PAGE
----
Greg Foley is a senior lecturer in the School of Biotechnology
A recent OECD report suggested that using ‘cognitive activation’ is the best way to teach mathematics, better than what the OECD call teacher-directed instruction and also better than what they call ‘active learning’, something that in the world of the OECD seems to be a form of project-based learning.
The main characteristics of teaching based on cognitive activation seem to be:
- Giving students hard problems, i.e. ones about which they have to think for a long time and for which there is no obvious solution or for which there might be many solutions, and for which the context might be somewhat unfamiliar.
- Giving students the freedom to use their own procedures to solve complex problems
- Asking students to reflect on and think about what they are doing or have done when attempting to solve problems.
When I think about what I do when I teach chemical engineering to my biotechnology students, it would appear that I am pretty much in the cognitive activation camp. Good for me you might think!
A very big chunk, probably the majority, of my ‘lecture’ time involves students working on problems that I have posed. But the idea that you learn engineering by solving problems is as old as the hills so nothing I am doing is particularly innovative. And I should stress that in all cases, I lecture first and the students solve problems second. This is not discovery learning.
But here’s the thing: for the sake of the students (not for me I hasten to add because lecturing is hard, much harder than walking around a classroom while students are solving problems) I would much rather spend more time on teacher-directed instruction (i.e. lecturing) because the price I have had to pay for adopting the in-class problem-solving approach is a large reduction in content. I’d love to be able to cover more material and trust that students would go to the library or go home and solve problems on their own or in groups with their classmates, and do so consistently. But I can’t.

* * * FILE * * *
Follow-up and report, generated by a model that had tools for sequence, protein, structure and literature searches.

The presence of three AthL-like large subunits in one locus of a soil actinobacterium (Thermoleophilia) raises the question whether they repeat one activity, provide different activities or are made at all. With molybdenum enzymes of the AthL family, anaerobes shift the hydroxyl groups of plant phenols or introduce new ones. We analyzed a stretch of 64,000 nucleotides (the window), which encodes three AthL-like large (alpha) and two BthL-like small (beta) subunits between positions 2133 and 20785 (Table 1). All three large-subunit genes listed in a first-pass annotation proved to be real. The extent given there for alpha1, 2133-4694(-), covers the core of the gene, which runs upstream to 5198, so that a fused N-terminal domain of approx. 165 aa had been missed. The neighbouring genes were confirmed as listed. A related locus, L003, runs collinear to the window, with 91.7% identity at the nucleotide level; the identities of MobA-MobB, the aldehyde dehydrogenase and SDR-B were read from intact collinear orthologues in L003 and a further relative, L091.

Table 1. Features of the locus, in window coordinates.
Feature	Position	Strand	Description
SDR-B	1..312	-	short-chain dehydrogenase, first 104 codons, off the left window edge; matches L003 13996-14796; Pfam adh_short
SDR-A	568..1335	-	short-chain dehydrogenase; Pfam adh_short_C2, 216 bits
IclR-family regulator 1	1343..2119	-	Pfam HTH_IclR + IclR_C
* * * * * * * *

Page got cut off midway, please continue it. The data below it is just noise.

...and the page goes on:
And that’s the problem with a lot of discussion around education. It ignores the broader social and cultural context and it frequently fails to mention what is lost as well as what is gained as a result of some innovation or other. Yes, a student might get more out of an individual problem-solving session than a single lecture but that’s not the point. The real question is how much has a student learned, and how well have they learned it, at the end of the module.
My sense at the moment is that for whatever reason, students do not put in the hours of independent study that we expect of them and, despite all the advice we give them, they are still prone to cramming. I also believe we are in an era where a reduction in content is not seen as a bad thing; but it is.
So I think my third level students do learn better because of the way I teach. But they don’t learn as much as I would like and many (but not all) do not display the independence that I would expect of college-going young adults.